Adopting a lifestyle that includes a diet of 70% fats, 20% protein, and 10% cruciferous (grown above the ground, not below) vegetables, while eliminating grains, fruits, and all sugars, isn’t for everybody. But for a significant and growing number people globally, this Ketogenic diet—or “lifestyle” depending on who you speak to—has generated great results in weight loss and health. The guy who wrote the book on the diet, “Guy Gone Keto,” is Thom King. He is, quite literally, a guy who has “gone keto” in taking to the Ketogenic lifestyle.
“With the Ketogenic lifestyle, your body becomes what’s called fat-adapted; it stops burning carbohydrates as its primary fuel, and starts actually burning fats,” he says. “Your body adapts quite well and functions more efficiently when burning fat. Benefits include increases in brain functionality and help in combating metabolic disease and obesity, plus it lends a hand in controlling seizures and diabetes.”
King also happens to be President of Icon Foods, Portland, OR, an ingredient supplier specializing in all-natural, certified-organic, GMO-free, soy-free, and allergen-free sweeteners to replace sugars and support food manufacturers in sugar reduction. The consumer brand name associated with Icon is Steviva, a stevia-plant-based sweetener. But the company more recently introduced the ingredient KetoseSweet+, a sweetener that can be enjoyed without affecting blood glucose or insulin levels.
At least in part to demonstrate KetoseSweet’s efficacy as a viable sugar-alternative in consumer products, Icon recently introduced a line of products—namely steak and barbecue sauces, ketchup, and similar condiments—aptly named Guy Gone Keto. The move flung the ingredient company into the role of a start-up food CPG, and it needed to package the product not only for shelf appeal and impact, but also practicality in logistics.
“This isn’t my first run at retail. Since we knew we’d be doing a lot of direct-to-consumer to start, we knew we were going to be shipping a lot,” King says. “We wanted to build brand equity before we even got to the retail environment. First, it gives us a competitive advantage once we do hit the retail shelves, and secondarily, we’ll have a first-mover’s advantage of being, as far as I know, the only condiment delivered in a stand-up pouch like this one. We were looking for a flexible stand-up pouch that performed well in terms of weight and breakage in direct-to-consumer channels.”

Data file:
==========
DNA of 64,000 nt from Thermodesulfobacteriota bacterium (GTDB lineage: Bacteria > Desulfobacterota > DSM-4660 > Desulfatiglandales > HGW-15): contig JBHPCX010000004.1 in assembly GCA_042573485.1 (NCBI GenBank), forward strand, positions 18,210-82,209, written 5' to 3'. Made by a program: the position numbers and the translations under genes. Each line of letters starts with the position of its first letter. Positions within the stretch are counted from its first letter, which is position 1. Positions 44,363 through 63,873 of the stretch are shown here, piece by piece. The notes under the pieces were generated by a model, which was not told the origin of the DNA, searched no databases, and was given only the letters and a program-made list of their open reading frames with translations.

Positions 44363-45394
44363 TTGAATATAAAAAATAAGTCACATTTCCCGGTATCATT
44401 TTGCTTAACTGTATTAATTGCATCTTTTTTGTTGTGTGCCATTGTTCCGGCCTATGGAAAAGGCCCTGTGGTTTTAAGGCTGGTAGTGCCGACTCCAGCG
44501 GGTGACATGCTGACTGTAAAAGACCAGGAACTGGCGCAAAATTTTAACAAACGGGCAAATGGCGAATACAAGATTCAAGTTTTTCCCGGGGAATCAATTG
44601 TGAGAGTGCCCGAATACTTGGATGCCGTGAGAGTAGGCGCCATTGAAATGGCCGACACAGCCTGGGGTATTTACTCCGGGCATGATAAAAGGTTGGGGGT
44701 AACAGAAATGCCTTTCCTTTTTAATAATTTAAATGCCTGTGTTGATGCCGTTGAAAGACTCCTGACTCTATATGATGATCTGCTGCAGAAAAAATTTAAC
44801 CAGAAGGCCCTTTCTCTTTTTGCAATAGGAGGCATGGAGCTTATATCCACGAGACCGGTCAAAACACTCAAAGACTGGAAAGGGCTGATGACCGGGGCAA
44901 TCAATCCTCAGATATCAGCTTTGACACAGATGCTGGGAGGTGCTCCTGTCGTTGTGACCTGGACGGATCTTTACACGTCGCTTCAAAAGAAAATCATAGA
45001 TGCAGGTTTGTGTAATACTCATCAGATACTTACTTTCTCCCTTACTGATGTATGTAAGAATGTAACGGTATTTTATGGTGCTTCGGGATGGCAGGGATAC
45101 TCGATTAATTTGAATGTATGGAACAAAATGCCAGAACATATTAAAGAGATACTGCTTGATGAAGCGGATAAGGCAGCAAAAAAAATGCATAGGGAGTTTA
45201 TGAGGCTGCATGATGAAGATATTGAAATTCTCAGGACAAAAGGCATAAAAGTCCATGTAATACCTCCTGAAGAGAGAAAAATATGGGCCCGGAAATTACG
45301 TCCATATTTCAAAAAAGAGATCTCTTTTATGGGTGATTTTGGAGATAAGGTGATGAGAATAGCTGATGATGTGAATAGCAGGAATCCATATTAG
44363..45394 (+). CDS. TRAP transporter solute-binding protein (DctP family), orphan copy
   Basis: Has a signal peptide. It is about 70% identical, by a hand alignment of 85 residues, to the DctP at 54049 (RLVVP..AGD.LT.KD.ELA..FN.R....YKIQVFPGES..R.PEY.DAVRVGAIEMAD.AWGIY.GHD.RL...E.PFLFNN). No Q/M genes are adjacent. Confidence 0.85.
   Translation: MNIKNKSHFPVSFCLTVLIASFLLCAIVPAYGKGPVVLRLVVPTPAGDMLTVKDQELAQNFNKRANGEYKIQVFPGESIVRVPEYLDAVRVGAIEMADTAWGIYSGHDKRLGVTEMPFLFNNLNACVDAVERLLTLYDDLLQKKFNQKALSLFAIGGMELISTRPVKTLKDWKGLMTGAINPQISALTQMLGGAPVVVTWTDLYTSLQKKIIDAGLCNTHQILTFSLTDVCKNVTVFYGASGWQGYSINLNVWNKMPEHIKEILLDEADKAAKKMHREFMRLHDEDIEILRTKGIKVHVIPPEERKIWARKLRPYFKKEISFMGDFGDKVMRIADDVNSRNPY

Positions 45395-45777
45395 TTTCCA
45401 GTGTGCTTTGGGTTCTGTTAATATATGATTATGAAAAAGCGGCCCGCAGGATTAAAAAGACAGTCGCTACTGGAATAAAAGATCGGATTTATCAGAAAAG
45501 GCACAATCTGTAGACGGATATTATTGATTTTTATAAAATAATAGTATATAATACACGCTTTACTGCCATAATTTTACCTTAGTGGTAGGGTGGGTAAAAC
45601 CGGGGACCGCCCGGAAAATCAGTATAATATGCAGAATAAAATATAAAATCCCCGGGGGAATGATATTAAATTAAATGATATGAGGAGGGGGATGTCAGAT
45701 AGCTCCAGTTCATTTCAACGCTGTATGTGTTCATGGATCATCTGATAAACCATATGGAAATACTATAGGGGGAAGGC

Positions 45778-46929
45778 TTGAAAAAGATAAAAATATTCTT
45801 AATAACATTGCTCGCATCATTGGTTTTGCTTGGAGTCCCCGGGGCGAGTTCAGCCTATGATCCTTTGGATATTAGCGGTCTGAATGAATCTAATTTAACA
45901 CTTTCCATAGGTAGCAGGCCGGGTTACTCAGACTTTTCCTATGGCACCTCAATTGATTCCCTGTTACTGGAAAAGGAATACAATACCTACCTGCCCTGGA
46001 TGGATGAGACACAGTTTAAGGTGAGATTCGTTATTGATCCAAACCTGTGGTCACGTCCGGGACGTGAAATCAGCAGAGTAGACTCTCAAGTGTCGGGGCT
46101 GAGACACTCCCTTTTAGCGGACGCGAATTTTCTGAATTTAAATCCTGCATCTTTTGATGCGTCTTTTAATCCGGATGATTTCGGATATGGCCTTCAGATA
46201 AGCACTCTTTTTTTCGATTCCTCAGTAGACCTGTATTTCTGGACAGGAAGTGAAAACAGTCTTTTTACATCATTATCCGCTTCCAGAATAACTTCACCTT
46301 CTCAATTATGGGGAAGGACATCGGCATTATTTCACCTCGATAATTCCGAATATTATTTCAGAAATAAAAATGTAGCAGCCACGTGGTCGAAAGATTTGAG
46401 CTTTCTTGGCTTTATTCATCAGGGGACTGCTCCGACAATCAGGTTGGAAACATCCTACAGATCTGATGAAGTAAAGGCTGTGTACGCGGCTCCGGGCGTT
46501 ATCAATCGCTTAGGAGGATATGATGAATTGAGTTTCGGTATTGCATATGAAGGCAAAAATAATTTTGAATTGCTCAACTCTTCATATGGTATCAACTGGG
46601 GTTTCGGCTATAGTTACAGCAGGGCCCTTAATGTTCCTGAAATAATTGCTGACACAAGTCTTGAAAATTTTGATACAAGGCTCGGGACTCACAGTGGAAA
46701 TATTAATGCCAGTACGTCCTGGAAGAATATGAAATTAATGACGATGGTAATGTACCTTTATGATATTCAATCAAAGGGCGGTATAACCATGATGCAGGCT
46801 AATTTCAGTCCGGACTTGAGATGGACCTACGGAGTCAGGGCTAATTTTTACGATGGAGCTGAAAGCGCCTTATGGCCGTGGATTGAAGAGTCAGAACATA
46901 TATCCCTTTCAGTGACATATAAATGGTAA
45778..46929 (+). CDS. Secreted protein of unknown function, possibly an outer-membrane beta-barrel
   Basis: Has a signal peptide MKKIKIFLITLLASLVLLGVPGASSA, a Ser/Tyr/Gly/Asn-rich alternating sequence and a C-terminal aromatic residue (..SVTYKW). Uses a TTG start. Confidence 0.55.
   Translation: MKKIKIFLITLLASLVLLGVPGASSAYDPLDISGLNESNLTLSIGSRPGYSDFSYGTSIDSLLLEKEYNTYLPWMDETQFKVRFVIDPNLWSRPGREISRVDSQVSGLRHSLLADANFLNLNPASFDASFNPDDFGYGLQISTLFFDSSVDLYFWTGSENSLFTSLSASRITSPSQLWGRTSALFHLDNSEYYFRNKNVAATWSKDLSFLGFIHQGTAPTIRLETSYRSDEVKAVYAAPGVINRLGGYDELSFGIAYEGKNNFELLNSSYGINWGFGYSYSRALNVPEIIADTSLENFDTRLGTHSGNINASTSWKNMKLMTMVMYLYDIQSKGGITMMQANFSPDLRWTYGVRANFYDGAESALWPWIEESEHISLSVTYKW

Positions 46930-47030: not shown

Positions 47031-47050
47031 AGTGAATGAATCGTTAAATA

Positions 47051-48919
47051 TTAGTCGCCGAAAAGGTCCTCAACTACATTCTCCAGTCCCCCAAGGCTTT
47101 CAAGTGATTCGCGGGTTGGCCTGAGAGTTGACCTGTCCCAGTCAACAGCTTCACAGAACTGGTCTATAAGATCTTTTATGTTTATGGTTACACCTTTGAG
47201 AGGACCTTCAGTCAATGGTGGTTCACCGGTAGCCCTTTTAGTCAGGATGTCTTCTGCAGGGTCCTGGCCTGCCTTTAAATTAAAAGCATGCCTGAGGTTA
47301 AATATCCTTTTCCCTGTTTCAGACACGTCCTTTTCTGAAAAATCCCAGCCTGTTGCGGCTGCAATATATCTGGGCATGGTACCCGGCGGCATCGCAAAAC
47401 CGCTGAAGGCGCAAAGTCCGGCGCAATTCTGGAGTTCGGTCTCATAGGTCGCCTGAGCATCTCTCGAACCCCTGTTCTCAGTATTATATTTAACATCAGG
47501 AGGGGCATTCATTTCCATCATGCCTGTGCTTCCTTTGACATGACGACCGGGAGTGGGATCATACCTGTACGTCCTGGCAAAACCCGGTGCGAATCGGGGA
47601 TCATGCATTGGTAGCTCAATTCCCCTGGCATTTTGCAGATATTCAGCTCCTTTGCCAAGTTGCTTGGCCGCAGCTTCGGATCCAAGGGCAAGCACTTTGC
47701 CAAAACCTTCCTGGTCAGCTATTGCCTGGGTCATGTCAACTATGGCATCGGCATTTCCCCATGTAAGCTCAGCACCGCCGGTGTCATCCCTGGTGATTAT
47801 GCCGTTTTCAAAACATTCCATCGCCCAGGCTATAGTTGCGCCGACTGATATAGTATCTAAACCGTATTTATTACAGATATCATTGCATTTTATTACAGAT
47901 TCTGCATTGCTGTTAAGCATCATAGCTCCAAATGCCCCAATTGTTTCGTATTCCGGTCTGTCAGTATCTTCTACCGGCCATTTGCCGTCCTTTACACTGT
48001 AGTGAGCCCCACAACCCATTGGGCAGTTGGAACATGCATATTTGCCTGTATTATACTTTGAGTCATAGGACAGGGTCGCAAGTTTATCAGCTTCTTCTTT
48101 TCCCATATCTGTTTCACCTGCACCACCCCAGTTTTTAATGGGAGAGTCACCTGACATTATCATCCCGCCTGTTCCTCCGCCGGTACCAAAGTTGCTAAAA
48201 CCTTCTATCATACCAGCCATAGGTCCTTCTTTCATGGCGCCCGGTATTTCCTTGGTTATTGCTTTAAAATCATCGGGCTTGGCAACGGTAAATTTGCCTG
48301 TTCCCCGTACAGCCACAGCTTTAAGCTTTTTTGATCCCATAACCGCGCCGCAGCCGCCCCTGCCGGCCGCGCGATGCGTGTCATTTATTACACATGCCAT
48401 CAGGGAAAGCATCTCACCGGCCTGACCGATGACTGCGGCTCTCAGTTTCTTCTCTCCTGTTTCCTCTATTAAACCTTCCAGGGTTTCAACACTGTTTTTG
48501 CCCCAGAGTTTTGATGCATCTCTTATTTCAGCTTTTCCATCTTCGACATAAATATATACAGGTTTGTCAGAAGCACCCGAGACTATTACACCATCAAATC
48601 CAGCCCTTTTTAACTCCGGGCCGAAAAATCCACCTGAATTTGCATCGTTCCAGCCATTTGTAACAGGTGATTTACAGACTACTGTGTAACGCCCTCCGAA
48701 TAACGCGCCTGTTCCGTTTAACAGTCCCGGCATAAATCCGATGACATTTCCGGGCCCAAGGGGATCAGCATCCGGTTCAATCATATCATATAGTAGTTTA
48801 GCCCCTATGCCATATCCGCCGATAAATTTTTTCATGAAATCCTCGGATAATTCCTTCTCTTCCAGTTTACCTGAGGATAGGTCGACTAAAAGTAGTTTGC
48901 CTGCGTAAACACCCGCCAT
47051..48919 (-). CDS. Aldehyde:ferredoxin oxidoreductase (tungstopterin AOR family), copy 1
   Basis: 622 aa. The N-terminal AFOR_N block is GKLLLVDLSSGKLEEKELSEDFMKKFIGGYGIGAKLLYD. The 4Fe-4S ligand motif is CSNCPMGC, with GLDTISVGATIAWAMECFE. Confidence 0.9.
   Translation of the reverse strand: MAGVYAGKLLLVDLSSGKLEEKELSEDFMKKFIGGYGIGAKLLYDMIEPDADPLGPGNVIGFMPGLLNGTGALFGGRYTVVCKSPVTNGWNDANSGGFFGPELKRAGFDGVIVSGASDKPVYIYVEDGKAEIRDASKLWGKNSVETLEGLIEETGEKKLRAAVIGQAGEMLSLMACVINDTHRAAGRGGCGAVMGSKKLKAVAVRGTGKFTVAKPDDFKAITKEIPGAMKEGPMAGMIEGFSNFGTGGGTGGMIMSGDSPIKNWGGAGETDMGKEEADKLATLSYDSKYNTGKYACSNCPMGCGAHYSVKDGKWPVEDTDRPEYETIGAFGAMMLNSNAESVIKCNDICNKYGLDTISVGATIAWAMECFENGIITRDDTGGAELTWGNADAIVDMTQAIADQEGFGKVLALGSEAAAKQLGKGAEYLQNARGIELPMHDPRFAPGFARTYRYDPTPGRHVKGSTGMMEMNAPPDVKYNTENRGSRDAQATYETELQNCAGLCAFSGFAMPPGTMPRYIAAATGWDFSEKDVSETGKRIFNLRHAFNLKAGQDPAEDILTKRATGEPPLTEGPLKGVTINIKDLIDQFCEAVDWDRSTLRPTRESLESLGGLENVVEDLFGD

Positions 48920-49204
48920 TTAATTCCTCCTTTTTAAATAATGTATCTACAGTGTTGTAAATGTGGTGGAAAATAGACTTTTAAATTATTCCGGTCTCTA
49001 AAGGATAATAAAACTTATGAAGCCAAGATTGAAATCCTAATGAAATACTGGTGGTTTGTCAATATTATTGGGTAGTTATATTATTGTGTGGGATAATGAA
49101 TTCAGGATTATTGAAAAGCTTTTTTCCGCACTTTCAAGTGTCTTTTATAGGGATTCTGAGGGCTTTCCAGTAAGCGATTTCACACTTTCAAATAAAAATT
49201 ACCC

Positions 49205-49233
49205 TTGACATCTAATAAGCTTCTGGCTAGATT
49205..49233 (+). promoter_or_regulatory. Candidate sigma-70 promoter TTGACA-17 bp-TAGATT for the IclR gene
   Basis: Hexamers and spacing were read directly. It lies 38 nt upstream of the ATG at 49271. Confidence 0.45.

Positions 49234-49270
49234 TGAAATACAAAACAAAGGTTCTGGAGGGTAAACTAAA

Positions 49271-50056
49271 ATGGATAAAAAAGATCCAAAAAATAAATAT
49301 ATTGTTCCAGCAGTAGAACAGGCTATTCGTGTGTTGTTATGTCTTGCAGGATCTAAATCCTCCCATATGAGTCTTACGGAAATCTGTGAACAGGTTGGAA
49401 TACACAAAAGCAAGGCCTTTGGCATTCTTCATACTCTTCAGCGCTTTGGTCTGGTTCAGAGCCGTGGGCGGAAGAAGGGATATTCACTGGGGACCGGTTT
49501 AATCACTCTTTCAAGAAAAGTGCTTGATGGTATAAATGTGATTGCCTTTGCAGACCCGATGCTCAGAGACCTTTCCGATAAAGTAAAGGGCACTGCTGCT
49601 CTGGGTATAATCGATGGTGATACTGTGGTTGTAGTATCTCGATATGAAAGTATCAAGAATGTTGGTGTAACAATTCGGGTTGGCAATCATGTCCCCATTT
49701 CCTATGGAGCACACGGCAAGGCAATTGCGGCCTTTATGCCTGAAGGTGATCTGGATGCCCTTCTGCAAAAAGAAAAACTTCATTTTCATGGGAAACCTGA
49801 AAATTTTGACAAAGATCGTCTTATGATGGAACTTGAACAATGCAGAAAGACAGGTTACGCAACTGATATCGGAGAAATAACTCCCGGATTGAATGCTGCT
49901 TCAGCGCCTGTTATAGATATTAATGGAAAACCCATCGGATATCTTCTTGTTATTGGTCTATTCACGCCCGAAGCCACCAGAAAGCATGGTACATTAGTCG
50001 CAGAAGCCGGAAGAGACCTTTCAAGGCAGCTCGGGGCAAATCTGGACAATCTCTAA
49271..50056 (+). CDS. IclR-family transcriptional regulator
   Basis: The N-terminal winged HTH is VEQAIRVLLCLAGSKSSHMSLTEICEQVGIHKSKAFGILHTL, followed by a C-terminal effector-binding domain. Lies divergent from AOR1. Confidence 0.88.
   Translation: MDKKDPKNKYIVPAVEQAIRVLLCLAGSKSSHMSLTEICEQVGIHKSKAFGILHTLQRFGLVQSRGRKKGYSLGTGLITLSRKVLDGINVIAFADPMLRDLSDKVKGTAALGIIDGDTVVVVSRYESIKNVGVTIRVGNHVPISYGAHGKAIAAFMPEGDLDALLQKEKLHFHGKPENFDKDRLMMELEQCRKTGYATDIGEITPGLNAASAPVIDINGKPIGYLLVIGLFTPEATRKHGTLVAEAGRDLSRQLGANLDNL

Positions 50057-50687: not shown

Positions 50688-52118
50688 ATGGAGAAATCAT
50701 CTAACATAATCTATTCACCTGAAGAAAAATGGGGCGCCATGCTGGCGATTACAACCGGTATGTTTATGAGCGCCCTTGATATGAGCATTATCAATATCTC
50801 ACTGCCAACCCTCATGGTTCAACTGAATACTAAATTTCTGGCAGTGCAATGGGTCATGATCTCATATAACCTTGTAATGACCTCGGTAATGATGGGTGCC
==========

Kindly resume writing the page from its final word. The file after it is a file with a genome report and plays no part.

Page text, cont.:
One requirement was that the package selected for this condiment product had to withstand being hot-filled. The STANDCAP Pouch using Volpak technology, exclusively licensed in the U.S. by converter Glenroy, is heat tolerant to 190°F, giving Guy Gone Keto and Icon the ability to hot-fill in a flexible package.
“I actually saw the STANDCAP Pouch in Packaging World magazine in a Daisy Brand sour cream application and began researching it after that,” King adds. (You can watch a video about the Daisy application from Packaging World at pwgo.to/3937.) “Now that we’re growing that brand equity, and we’re being shared on social media like we are, I think the packaging will just sell itself in retail because of its shelf presence.”
In terms of shelf impact, eye-tracking studies within a retail environment performed by Clemson University and research firm Package InSight showed that the STANDCAP Pouch was noticed 40% faster and viewed 53% longer than rigid packaging.
The premade pack
The company turned to graphic artist Roberta Souto, a veteran in designing for Icon brands, to design the label. She wanted to convey a message that struck a personalized, small-batch chord, hence the Guy Gone Keto (Thom King) likeness.
Holding 14 oz. of product, the STANDCAP Pouch itself is a multilayer, reverse-printed film lamination that incorporates a proprietary layer of clear, high-barrier film designed to protect the integrity of the product and extend shelf life. The product-contact layer provides a heat-sealable surface designed to be compatible with the closure and adds to overall pouch strength. The clear, high-barrier layer provides oxygen and moisture resistance. The exterior layer protects the reverse-printed ink and plays a role in burst strength. Other layers of the pouch provide further burst strength, rigidity, and puncture resistance. Total film thickness is approximately 5 mils.
The Sierra closure used in the pouch system was developed by Aptar. This patented dispensing solution provides the pouch with stability and features an easy- to-open flip-lid closure, built-in tamper evidence, and proprietary SimpliSqueeze® valve technology for superior dispensing performance. The SimpliSqueeze valve provides controlled, drip-free dispensing, clean product cutoff, and “ease of squeeze,” making the pouch incredibly easy for consumers to use. The valve also improves oxygen barrier & maintains product freshness between uses. And because different products have different viscosities, the SimpliSqueeze® valve can be fully customized according to the thickness of each product and the desired product stream. In highly viscous applications like the Guy Gone Keto condiments, it was important to use a dispenser that could handle comparatively low-flow products.